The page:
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25 August 2019 21:55

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Asked by: Tim Richards
Subject: Gyroscopes as alternative for batteries?
Question: I was wondering if anybody knew who to contact about this question. It seems that I've seen the idea posed before for a gyroscope to be used as a battery/alternator. The article I read, which was some time ago described what was essentially a gyro being "spun-up" electrically to a given RPM and then maintained at that speed until energy is needed from it. At that point energy is drawn off of it in the same way as with any simple generator.
Date: 11 April 2001
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Answer: webmaster @ gyroscopes.org - 14/04/2001 09:40:51
 Gyroscopes used to store engery are already being used. In Sweden (Sweden?) they have large flywheels in some buses. When going down a hill the gyroscope is charged and the engery is released and flatter ground.

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Answer: Lars Brejnbjerg - 12/04/2005 22:37:44
 Hi there
During the late 80’ties, when I was occupied with electrical vehicles, I heard that in Moskva, Russia some busses there simply had as only energy source, the conserved energy from a fly-wheel. The idea was to “load” the fly wheel when the bus stopped for taking up passengers. The busstops was fitted with an electrical “connector” to the bus which then by a build in electrical motor got the flywheel running. Calculating the energy needed to propel a 15 ton bus for a mile or two, with a flywheel weighing perhaps 200-300 kg made some interesting figures of the initial speed of a lost fly wheel hitting the ground.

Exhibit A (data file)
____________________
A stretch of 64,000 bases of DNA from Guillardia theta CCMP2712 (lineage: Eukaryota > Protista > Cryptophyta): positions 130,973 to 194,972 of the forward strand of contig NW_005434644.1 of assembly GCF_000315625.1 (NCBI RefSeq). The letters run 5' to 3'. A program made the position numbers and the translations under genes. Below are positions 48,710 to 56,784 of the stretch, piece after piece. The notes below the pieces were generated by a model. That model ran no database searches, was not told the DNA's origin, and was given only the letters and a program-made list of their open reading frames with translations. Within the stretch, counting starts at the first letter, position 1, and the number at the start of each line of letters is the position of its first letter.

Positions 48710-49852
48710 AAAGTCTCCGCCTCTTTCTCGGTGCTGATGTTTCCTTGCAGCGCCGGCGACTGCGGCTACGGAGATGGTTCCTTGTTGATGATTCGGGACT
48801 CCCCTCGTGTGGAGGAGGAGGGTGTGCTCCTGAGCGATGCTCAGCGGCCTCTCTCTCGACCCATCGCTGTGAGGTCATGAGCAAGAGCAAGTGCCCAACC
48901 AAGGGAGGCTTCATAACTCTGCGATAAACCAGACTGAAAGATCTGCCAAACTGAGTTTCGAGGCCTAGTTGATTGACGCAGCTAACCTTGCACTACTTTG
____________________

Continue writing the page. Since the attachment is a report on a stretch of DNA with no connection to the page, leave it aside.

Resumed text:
Not that scientific, but may be a good story. Living in Denmark I have not picked anything about the Swedish busses.??
Lars Brejnbjerg

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Answer: Victor Geere - 19/04/2005 08:50:30
 I had an idea of a flywheel naturally precessing in a circular path in the presence of a coil. Attached to the flywheel is a magnet that doesn't spin with the flywheel but follows it in its circular path of precession. Some of the electricity generated in the coil is used to keep the flywheel spinning. The spin of the flywheel is not subjected to the torgue required to generate electricity. The precession is used to generate electricity.

The questions that have to be answered by experiment is (1) whether more than enough electricity is generated to keep the flywheel spinning. (2) Does gravity cause precession.

The question about gravity needs to be answered so that we can know whether it can be counted as a positive external force so that the device does not run out of steam at some point, like an attempted perpetual motion engine would. I haven't posted this suggestion prior to your question because it is hypothetical at best.


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Answer: arthur dent - 19/04/2005 13:59:23
 The coil would have a braking effect upon the magnet (Lenz's law), this would slow the precession and the rotor would descend. To keep it at the same level, one would have to increase the rotor speed. That is the problem with conservation laws; one cannot get around them. Several people have patented the idea of using gyroscopes to extract energy from the Earth's rotation, and it is indeed possible. Unfortunately, the energy required to keep the rotor turning far out-weighs any energy which is 'harvested'.

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